There exists several treatment modalities for keratosis but the most notable is cryotherapy, which makes use of extremely low temperatures and which is also called cryosurgery. Studies reported that it is the second-most common procedure next to surgical procedures such as skin excision and it can easily be performed in the doctor’s office.
To help remove warts and keratoses, both annoying types of skin lesions, cryotherapy utilizes extreme cold to render these lesions frozen, dried and readily peeled off from the skin. But this therapy works unparalleled only for flat or slightly-elevated lesions.
Are you speculating how cryotherapy works? At the site of the injury, such as where the skin lesions can be found, cryotherapy compresses the blood vessels, including the arteries and the veins. This blood vessel constriction, most commonly alluded to as vasoconstriction in medicine, results to a reduction in the blood flow to the site. Oxygen supply, along with other essential nutrients required for a cell’s survival, decreases due to inadequate blood supply. Eventually, the adverse effect is cell death or necrosis.
There are a few types of cryogens, substances used to obtain very low temperatures, namely, liquid nitrogen, carbon dioxide snow and DMEP or dimethyl ether and propane. But amongst the three, liquid nitrogen is the most commonly applied cryogen by physicians primarily because of its low boiling point, making it a highly efficient cryogen.
At the beginning of the treatment, the physician directly applies the liquid nitrogen onto the skin using a cotton-tipped applicator, a cryospray or a cryoprobe. Then, the heat from the skin instantly transfers to the liquid nitrogen making it evaporate quickly, usually within a minute or so. Thawing of the skin lesions then succeeds this short freezing time. This eventually ensues to leaking out of the cell’s contents which signal the beginning of the actual cell injury. To conclude the process, the client’s skin will show signs of inflammation – redness, swelling, pain and warmth – signaling the cells’ decompensation.
No one should fear cryotherapy since it is a generally safe procedure as long as treatment protocols are followed rigidly. But as with other treatment modalities, one cannot ward off the presence of potential complications. To illustrate, prolonged freezing by the liquid nitrogen results to hypopigmentation or change in the skin color, specifically a lighter color.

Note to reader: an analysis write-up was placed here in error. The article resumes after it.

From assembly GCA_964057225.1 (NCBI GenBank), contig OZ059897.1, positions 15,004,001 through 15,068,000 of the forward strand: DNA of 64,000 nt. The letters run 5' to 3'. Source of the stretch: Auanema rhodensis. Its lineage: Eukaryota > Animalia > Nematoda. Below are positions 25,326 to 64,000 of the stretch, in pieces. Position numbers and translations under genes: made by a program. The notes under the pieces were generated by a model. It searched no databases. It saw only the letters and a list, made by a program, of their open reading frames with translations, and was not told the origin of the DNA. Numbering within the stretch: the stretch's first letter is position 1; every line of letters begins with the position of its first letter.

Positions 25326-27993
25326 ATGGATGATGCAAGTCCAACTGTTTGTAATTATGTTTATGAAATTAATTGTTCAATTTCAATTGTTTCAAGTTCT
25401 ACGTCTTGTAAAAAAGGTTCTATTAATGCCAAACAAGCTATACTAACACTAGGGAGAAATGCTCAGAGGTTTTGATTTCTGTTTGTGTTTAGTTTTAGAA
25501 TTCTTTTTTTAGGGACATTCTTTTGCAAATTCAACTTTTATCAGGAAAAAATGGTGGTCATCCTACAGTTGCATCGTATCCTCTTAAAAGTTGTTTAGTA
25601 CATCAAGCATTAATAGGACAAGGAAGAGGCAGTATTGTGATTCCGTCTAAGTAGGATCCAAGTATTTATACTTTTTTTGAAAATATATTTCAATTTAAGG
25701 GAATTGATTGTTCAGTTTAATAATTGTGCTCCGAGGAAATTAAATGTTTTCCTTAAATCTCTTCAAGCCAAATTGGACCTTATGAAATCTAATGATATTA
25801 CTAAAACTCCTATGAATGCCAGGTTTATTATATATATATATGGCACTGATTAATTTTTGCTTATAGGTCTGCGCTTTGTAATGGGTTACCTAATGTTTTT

Although not listed as a hazardous material under the Resource Conservation and Recovery Act, liquid nitrogen is considered a highly dangerous chemical because any direct contact with it, especially prolonged contact, will result to rapid freezing and eventual tissue damage. Exposure to liquid nitrogen can be through inhalation or direct contact. Inhalation effects are not as grave as the direct contact effects of liquid nitrogen unless tremendous amounts of liquid nitrogen are spilled, therefore causing reduced oxygen levels. Extreme care must therefore be observed during its transportation.
Eye contact with liquid nitrogen can happen during its displacement to smaller containers. Or there can be accidental direct contact with the skin.
Therefore, for both the medical practitioners and the laypersons alike: practice utmost safety when handling liquid nitrogen. If your work involves liquid nitrogen, make sure you have the entire protective suit covering your face and your body. In cases of leaks, any person not wearing any protective gear must leave the area until cleaning is completed. And if liquid nitrogen ever comes in contact with the skin, and not during a cryotherapy, the frozen skin should be soaked in water that is 41-46 degrees Celsius in temperature before immediately consulting a doctor.